ACC Suspends NC State's Julius Hodge

ACC Commissioner John D. Swofford willed his power Tuesday afternoon by slapping a one game suspension on NC State's Julius Hodge for "for deliberately and blatantly hitting Maryland's Steve Blake in the head". He also repreminded two ACC coaches for unsportsmanlike conduct. Steve Blake was issued no warnings or suspensions for his part in the incident.

GREENSBORO, N.C. - Atlantic Coast Conference Commissioner John D. Swofford, after interviewing game administrators and conference officials, as well as viewing game footage, has announced that he has suspended NC State's Julius Hodge and reprimanded Clemson head basketball coach Larry Shyatt and Virginia assistant basketball coach Walt Fuller following games played last week.

Swofford issued Hodge a one-game suspension during Sunday's game at Cole Field House in College Park, Md. Hodge's suspension will be in place for NC State's home game against Virginia this Wednesday in Raleigh.

Official reprimands were also issued to Clemson's Shyatt for his conduct in Saturday's game with Duke, and Virginia's Fuller for his actions in Virginia's game against Maryland last Thursday. In addition, Swofford indicated that several other discussions regarding specific sportsmanship issues had been held with conference personnel, including game officials.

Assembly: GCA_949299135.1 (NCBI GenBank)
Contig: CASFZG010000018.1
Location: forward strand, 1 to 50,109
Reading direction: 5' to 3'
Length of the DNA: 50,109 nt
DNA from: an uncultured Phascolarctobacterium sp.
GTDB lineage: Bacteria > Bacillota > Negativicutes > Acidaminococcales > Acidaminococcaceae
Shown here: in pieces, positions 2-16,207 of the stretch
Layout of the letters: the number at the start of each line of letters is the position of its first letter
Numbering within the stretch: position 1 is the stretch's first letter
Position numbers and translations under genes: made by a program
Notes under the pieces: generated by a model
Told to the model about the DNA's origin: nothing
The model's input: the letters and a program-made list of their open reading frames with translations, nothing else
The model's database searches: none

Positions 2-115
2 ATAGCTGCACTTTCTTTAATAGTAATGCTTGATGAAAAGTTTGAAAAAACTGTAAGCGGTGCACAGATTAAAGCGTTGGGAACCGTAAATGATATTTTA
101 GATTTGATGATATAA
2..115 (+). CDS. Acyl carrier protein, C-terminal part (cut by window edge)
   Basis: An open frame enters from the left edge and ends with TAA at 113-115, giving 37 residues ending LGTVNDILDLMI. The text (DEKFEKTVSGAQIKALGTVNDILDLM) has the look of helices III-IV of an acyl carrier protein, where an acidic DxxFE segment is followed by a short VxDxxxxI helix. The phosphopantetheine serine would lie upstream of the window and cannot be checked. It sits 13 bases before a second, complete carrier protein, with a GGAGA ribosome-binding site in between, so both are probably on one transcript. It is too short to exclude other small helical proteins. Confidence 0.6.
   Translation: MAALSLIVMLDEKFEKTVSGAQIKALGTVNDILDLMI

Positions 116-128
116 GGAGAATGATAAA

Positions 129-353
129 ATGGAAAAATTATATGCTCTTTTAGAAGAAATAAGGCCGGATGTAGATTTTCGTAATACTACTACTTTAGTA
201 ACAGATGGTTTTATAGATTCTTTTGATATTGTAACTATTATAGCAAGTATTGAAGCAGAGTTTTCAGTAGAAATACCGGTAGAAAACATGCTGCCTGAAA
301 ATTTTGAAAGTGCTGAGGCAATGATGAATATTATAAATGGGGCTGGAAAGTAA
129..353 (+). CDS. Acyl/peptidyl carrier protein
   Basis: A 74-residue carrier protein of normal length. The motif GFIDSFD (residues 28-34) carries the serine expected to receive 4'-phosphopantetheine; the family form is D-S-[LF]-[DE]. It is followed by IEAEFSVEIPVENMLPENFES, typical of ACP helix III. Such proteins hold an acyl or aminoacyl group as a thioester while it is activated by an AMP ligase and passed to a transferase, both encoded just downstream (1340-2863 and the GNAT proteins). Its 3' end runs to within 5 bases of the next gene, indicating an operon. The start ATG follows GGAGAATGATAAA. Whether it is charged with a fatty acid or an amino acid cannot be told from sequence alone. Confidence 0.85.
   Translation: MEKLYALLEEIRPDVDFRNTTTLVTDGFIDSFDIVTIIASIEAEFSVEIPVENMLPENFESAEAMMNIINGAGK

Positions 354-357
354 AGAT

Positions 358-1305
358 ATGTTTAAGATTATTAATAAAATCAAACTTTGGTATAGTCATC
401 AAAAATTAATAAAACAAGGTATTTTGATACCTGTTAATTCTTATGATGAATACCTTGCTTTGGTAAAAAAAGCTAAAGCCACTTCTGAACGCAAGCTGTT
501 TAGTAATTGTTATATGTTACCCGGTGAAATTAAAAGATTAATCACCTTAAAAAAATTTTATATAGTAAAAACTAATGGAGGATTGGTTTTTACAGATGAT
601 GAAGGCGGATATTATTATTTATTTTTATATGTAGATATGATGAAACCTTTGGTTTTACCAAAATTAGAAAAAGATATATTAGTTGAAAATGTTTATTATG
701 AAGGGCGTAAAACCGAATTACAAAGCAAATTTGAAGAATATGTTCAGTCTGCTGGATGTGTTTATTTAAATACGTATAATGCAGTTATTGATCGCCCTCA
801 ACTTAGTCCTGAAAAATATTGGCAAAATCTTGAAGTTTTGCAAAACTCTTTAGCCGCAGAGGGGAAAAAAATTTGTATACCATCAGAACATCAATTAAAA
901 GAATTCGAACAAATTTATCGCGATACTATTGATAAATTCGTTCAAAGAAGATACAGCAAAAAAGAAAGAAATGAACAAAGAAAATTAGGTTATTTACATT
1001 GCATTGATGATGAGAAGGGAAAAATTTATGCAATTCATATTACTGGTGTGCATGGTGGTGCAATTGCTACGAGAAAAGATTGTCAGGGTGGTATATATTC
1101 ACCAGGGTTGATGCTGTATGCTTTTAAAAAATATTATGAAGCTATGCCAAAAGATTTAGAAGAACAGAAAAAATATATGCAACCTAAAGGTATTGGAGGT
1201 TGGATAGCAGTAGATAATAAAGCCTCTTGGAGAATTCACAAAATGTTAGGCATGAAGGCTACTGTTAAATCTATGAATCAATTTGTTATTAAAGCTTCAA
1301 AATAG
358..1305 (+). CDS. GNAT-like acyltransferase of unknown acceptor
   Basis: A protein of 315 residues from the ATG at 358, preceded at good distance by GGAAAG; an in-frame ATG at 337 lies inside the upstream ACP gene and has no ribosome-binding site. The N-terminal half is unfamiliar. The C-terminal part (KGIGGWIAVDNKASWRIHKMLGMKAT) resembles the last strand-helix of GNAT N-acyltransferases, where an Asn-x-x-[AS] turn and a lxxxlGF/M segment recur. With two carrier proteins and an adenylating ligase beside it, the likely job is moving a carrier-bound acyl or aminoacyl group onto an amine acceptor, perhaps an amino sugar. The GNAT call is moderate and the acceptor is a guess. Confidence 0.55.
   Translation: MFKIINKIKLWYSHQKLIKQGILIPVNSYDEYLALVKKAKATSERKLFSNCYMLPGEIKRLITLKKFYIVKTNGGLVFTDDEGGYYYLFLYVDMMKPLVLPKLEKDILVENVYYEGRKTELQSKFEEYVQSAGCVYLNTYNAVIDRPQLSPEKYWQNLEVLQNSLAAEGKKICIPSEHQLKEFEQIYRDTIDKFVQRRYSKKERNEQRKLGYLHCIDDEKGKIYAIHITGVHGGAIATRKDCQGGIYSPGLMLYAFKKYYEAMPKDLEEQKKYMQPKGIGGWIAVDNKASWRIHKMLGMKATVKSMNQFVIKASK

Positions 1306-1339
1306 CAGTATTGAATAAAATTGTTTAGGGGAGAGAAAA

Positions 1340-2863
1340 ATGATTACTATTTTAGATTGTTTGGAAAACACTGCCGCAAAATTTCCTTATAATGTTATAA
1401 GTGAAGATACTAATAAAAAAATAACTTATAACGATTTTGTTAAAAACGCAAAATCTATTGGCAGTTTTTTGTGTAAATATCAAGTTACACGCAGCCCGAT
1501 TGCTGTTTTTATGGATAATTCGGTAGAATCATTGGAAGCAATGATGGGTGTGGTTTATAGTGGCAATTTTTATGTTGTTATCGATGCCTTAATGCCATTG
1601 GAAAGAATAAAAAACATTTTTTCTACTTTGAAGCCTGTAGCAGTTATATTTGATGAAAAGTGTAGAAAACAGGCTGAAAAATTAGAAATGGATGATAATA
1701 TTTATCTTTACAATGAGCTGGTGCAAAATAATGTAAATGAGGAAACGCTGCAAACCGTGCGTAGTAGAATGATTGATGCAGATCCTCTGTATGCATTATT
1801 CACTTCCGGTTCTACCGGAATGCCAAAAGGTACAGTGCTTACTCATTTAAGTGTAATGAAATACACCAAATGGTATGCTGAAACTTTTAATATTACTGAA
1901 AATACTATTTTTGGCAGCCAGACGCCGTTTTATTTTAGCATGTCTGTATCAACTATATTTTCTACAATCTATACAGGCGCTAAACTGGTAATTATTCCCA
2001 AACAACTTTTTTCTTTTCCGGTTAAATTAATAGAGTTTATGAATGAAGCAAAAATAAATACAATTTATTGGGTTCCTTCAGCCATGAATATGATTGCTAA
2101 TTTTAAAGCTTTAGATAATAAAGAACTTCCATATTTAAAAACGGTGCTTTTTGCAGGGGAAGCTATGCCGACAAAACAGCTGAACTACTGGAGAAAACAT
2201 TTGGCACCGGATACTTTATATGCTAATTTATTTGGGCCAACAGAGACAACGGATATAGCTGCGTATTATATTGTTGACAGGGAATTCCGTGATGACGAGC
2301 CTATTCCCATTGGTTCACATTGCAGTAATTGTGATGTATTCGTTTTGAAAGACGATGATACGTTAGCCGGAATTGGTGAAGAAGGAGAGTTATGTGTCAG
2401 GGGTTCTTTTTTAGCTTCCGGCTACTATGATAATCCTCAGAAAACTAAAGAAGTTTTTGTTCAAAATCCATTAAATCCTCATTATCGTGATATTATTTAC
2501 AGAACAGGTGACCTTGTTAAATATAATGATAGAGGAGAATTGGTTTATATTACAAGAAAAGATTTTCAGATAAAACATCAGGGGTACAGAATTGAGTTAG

"Over the past week, several violations of the league's sportsmanship code have occurred," said Swofford. "This suspension and these reprimands are a direct result of unacceptable behavior during last week's games. While we all understand that emotions can be at a high level during this time of the season, the ACC cannot tolerate this kind of behavior and will promote adherence to the league's code of conduct as stated in the ACC Manual that both coaches and players have the responsibility of conducting themselves in a sportsmanlike manner. This is intended to send a loud and clear message that college basketball in the Atlantic Coast Conference is not going to be played in the way exhibited by these behaviors. The college game is something very special to many people and it must be respected by those who play it, coach it and watch it."

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